We start the tour at 71 Wale Street where we discuss the origins of the oldest suburb in South Africa. Our walk then takes us to the Auwal Mosque, which is the oldest mosque in South Africa, dating back to 1794, when it was started by slaves in defiance of Dutch law. Inside the mosque you will see a Quran handwritten from memory, by Tuan Guru, an exiled political prisoner from the Island of Tidore. We then work our way to a locals home to enjoy a traditional treat and a cup of rooibos tea. The host will regale you with stories of this historical neighbourhood, its people and its cultures. From here, we walk down the street with all the colourful houses. This is the most-photographed street in South Africa. We then work our way towards Cape Town’s famed spice shop, Atlas, where you will smell the heady aromas of spices used in everyday Cape Malay cooking. These are the same spices used by slaves as an expression of freedom in their masters’ kitchens.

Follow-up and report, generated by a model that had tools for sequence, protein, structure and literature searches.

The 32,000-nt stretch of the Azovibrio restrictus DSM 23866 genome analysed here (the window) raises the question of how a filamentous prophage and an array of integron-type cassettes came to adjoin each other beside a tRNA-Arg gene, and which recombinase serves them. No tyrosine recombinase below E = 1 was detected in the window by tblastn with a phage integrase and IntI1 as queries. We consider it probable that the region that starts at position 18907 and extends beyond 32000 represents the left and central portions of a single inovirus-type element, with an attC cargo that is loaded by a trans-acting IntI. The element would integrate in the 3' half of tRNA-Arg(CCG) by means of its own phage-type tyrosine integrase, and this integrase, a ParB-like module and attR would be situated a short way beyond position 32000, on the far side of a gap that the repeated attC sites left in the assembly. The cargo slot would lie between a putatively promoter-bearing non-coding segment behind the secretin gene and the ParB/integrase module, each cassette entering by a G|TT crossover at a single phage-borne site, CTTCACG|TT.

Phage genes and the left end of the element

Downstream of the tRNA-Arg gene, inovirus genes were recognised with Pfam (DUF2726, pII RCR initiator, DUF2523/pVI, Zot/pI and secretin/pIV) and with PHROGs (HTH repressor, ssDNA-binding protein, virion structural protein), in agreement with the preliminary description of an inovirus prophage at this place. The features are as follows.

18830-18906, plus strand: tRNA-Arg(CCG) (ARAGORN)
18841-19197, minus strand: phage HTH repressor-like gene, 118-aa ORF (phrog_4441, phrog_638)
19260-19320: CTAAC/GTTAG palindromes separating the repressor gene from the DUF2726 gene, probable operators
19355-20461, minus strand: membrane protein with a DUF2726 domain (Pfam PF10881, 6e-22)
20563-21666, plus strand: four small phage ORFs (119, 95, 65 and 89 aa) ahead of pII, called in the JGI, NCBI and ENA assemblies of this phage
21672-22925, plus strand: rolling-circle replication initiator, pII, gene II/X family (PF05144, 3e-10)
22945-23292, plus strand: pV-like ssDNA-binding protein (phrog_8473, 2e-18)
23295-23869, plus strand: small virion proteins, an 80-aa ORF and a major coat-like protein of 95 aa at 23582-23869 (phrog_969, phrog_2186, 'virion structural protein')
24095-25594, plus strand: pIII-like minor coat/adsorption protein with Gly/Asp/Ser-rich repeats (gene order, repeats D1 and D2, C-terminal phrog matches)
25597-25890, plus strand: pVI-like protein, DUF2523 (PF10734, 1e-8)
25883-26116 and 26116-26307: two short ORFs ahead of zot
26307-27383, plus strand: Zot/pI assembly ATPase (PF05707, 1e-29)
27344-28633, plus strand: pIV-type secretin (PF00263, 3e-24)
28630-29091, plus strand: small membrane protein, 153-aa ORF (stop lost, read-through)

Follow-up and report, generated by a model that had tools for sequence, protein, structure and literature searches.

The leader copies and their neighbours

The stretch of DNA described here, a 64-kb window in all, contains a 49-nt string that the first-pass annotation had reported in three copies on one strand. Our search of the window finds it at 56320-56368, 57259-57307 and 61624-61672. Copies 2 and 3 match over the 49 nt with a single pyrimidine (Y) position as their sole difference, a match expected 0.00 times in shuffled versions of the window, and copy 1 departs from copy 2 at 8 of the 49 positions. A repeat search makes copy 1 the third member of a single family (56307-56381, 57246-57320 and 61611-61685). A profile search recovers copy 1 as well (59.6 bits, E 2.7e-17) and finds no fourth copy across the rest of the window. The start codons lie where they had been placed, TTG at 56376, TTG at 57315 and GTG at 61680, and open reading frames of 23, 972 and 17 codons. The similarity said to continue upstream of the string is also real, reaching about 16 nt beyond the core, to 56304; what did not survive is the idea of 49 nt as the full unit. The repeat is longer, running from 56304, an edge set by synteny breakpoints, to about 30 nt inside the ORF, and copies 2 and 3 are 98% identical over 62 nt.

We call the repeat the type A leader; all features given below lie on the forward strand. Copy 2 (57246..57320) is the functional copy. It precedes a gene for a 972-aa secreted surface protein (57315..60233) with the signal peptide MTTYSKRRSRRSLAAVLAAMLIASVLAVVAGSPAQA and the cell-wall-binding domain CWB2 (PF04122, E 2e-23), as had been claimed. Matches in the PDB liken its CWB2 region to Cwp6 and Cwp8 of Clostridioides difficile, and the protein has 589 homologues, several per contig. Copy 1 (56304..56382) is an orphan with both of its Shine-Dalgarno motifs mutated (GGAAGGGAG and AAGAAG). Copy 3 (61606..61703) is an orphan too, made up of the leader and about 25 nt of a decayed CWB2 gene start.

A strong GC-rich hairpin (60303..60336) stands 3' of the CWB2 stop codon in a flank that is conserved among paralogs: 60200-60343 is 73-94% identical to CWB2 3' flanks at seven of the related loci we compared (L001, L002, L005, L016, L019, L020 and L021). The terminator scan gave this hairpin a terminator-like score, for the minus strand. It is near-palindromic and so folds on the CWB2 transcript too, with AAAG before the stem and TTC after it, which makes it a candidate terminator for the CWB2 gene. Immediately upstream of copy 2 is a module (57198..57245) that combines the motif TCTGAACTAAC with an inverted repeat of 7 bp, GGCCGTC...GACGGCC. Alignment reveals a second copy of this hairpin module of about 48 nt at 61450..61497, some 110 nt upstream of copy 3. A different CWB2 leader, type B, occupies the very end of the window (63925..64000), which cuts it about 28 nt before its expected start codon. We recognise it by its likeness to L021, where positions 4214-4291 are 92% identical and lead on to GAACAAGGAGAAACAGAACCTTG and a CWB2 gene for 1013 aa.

We are descendants from the slaves brought to the Cape by the early Dutch settlers to Bo-Kaap, & feel connected to the rich history of the area. It's this deep love that fuels our desire to share with you this beautiful and intricately woven culture that is unmatched anywhere in the world. As residents and qualified tour guides with many years' experience, we will show you Bo-Kaap beyond the postcard pictures.
Central to the Cape Malay culture is Islam. You will have a rare opportunity to see a Quran handwritten by political prisoner of the early Dutch colonialist, Tuan Guru. In defiance of Dutch law, he started the Auwal (the first) Mosque. The land on which the mosque is built was donated by a freed slave woman, Saartjie van de Kaap.
Bo-Kaap: Walk with a local